By Peter D'Oench

MIAMI (CBSMiami) – Regardless of what happens in the coming days, right now, this is a good reminder that we all need to be prepared for hurricane season. But we can’t deny that things are different because of the coronavirus pandemic.

It’s the first time this hurricane season that there has been a possible threat to South Florida. That was enough to prompt some people to join a line for storm supplies at a Walmart in Doral.

They waited with memories of what storms like Hurricane Irma can do with its strong winds.

“We know with the season because it’s full of hurricanes and storms,” said Carol Gardoncini.

Gardoncini and Juan Guzman stocked up on Wednesday.

“Trying to get batteries, flashlights, water,” said Guzman.

But most are not worried.

“Do you have any concerns?” CBS4’s Peter D’Oench asked Manuel Jacquez.

“No, really. I think it’s going to a normal storm to deal with,” said Jacquez, who wasn’t shopping for supplies.

Right now, Miami-Dade does not plan to open shelters as we saw during Irma.

“We don’t generally open for tropical storms,” Frank Rollason, director of Miami-Dade Emergency Management, told D’Oench.

But in case there is a need, the county is prepared to open 20 shelters – up from 10 – to allow for fewer people at each shelter and more social distancing.

Still, there is a concern.

“We are fearful the people won’t come. That they won’t come to the shelter and they won’t leave their homes because we have been telling them for months, that it safer at home,” said Rollason.

In Broward, Administrator Bertha Henry said the county is also prepared to open up more shelters.

“We want to have more people, not fewer people, in our shelters,“ she said.

And other measures will be taken.

“We’re actually planning to step up the cleaning of facilities,” said Henry. “We’re not going to have people lining up for food. We have boxes of food.”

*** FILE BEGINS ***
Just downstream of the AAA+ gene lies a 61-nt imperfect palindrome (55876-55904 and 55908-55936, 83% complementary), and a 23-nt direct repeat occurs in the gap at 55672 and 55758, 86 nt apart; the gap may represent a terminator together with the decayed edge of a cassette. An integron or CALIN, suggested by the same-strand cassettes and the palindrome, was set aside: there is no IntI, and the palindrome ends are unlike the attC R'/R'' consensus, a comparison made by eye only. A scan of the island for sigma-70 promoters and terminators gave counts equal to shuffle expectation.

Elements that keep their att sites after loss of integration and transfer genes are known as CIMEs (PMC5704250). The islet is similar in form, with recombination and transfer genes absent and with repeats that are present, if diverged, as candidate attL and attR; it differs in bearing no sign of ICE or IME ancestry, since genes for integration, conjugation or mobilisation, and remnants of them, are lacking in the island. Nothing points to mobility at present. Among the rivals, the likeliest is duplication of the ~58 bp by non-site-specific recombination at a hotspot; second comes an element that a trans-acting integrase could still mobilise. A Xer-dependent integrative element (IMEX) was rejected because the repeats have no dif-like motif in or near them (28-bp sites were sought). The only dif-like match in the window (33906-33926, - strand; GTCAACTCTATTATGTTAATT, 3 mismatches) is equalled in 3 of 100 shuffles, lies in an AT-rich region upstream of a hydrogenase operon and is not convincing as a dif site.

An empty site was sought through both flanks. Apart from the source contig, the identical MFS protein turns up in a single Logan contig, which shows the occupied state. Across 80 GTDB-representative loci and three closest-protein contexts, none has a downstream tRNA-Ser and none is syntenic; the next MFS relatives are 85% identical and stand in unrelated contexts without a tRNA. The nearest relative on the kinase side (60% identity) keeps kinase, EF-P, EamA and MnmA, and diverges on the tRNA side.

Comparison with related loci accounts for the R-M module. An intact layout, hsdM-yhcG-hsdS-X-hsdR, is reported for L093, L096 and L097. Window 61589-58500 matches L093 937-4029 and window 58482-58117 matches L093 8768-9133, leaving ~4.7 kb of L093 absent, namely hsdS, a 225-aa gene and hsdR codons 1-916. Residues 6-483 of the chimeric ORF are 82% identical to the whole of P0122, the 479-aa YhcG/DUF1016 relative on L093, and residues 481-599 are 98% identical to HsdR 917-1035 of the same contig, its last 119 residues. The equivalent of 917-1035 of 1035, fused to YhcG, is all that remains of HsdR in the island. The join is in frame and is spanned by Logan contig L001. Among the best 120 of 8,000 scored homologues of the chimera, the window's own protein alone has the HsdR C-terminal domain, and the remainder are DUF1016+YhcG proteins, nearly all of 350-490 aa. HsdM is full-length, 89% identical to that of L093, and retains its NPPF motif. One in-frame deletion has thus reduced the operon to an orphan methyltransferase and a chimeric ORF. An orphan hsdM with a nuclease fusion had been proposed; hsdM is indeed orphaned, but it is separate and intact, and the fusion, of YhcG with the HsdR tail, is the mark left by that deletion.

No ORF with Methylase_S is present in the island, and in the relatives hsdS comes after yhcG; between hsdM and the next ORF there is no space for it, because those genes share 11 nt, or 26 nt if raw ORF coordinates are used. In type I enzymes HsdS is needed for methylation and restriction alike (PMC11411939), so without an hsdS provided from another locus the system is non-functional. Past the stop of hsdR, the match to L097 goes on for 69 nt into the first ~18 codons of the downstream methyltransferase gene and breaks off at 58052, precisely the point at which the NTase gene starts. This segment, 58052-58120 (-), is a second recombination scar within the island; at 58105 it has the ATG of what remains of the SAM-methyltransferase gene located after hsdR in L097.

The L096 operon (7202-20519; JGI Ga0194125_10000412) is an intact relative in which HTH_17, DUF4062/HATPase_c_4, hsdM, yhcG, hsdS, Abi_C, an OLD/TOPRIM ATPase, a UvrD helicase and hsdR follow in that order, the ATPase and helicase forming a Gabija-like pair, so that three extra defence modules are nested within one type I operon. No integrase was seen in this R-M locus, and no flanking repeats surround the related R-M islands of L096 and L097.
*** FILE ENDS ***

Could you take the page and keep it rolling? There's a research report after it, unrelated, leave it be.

Broward EOC Director Tracy Jackson told CBS4, “We are prepared to open up all the shelters all the time. That has not changed. What would be impacted if the shelters are open is a redirection of occupant load and a redirection of the way we do social distancing so we can properly follow CDC guidelines during this pandemic and the other thing we would implement is screening protocols for everyone entering including workers. We need to make sure we follow all the precautions.”

Broward Sheriff Gregory Tony said social distancing strategies are in place for shelters.

“It is absolutely essential that the community begin preparations and their plans,” he said. “This COVID-19 virus is going to impact not only our ability but your ability to how we traditionally respond to hurricanes that may come in to South Florida.

“I know that these challenges are real. It’s important that the community take on their own social responsibility and make sure they have done hurricane preparations and their kits are ready to go and also start to examine what other options they might have to be out of South Florida so they can push inland or even out of the state in advance.”

With an above average number of storms forecast for this season, many here realize this may not be their last shopping spree for supplies this year.

Peter D'Oench